Jannah Theme License is not validated, Go to the theme options page to validate the license, You need a single license for each domain name.

Kansas school choice debate heats up, Governor Kelly steps in

TOPEKA (KSNT) — Kansas Gov. Laura Kelly spoke on Friday about the latest “school choice” debate at the Statehouse.

This year, Republicans are considering a bill that would expand eligibility for a tax-credit scholarship program to attend private schools. Kelly said he hasn’t seen the legislation yet, but the decision will most likely boil down to “tax considerations.”

“I know we have something like this right now, so it’s not like we’re inventing a wheel,” Kelly told reporters on Friday. “This will probably be based more on tax considerations…and if there is any twist that wasn’t there in the original one.”

Proponents of the proposal believe it would close the achievement gap between low-income and high-income students. However, public school advocates testified against the bill, arguing that it would take money used for public school students with the “greatest needs.”

Kelly has signed into school choice legislation in the past.

Last year, the governor signed a bill that fully funds education. The bill included an open enrollment policy, allowing students to attend any public school district in the state beginning in the 2024-2025 school year. It also requires schools to outline how many non-district students they can accept. The policy has received pushback from Democrats and public school advocates.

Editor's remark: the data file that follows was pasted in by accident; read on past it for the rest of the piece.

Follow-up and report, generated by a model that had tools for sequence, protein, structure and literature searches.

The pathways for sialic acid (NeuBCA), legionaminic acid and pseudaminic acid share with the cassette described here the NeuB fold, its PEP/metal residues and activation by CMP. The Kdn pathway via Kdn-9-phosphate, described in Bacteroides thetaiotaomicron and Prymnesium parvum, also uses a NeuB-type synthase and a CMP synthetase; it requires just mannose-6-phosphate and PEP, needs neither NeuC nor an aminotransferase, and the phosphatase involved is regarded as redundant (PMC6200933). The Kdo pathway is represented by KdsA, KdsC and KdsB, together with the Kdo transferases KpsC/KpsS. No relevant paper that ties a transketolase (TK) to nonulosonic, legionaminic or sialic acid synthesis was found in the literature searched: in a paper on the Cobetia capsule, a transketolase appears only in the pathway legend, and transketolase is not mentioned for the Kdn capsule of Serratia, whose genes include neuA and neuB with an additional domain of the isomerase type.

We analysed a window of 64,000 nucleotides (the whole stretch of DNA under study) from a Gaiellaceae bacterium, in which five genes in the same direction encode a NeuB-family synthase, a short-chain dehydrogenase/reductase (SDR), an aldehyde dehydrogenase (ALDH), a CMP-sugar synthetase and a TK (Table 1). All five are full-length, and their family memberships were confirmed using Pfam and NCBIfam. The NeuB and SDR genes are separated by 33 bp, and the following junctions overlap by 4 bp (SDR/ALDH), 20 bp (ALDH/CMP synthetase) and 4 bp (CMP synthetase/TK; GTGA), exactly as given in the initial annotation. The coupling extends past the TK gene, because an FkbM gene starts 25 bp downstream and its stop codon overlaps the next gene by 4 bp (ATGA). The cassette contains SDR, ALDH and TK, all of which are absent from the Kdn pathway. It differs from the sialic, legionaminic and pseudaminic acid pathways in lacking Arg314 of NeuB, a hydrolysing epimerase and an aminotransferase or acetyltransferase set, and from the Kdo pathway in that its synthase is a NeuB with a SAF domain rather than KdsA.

This year’s push for a tax credit expansion comes as the Governor outlined his education agenda for the legislative session.

Kelly received the Governor’s Council on Education’s annual report on Friday, which includes a series of recommendations aimed at improving educational outcomes and increasing collaboration between the business and education sectors.

The improvements recommended by the Council aim to advance early childhood education, increase workforce-related opportunities for high school students, improve post-secondary transitions for our students, and increase coordination for technical education.

“I established the Council on Education not only because I believe educating our children is one of the most important obligations of our elected leaders, but also because it is one of the best economic investments we can make as a state,” Kelly said. “I am proud of the work the Board has done over the past four years in finding innovative ways to provide for our students and look forward to responding to their recommendations to ensure Kansas students have access to the best education in the country.” .

Content Source

Related Articles

Leave a Reply

Your email address will not be published. Required fields are marked *

Back to top button